Kant 's Critique Of Pure Reason

1380 Words Nov 7th, 2016 6 Pages
Kant Modern Philosopher Immanuel Kant, was born in Prussia in 1724 and passed away in 1804. Kant wrote the famous book “A Critique Of Pure Reason” where he mentions and talks about David Hume, and how he himself was awoke from his stubborn beliefs. Many people find Kant’s Theory as a form deontological ethics; where actions of right and wrong. Does not depend on their consequences, but on whether they fulfill our duty and/or obligations. Immanuel Kant emphasized the idea that we have duties and rules to follow. We as humans should act with reason and think in regards to others not in ourselves only. In other words, we need to “universalize” our actions before we act upon them.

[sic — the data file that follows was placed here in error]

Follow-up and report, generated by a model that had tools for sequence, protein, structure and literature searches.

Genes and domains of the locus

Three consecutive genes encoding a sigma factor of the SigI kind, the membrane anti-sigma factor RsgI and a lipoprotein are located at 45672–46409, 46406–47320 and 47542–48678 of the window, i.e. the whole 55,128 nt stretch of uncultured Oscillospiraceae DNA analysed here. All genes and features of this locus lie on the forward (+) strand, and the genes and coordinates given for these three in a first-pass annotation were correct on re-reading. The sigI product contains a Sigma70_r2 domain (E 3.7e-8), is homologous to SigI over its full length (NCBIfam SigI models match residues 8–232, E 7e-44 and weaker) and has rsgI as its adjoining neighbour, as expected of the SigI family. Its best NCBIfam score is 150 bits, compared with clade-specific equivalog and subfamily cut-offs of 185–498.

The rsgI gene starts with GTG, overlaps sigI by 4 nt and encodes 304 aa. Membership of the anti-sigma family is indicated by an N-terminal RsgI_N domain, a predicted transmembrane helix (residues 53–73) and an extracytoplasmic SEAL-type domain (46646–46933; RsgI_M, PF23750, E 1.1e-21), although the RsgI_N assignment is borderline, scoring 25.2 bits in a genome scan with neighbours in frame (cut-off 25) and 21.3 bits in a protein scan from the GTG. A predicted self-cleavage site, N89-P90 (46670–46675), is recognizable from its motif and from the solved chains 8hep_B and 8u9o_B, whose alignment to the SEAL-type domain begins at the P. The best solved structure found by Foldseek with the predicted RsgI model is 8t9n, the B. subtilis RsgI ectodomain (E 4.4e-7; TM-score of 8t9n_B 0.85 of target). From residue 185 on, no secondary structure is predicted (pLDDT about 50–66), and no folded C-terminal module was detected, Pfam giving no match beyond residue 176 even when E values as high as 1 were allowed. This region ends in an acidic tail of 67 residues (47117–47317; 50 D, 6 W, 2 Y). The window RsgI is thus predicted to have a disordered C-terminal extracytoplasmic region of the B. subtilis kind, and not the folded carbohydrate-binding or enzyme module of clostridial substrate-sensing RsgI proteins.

To begin with, Kant mentions “good will” in Chapter 12 The Categorical Imperative: from the book Exploring Ethics: An Introductory Anthology. By Steven Cahn. Kant states, “A good will is not good because of its effects or accomplishments and not because of its adequacy to achieve any proposed end: it is good only by virtue of its willing- that is, good in itself” (Kant 99-100). With this mention Kant elaborates the idea of “good will” comes from the will to do whatever is right thing or way; no matter what the situation. Others might think of “good will” also as being brave, intelligent, happiness, and many etc. Even though being smart and brave will bring happiness to our lives. It can also be a bad thing and can alter our reason and actions in a negative way. Also intelligence is a good without…
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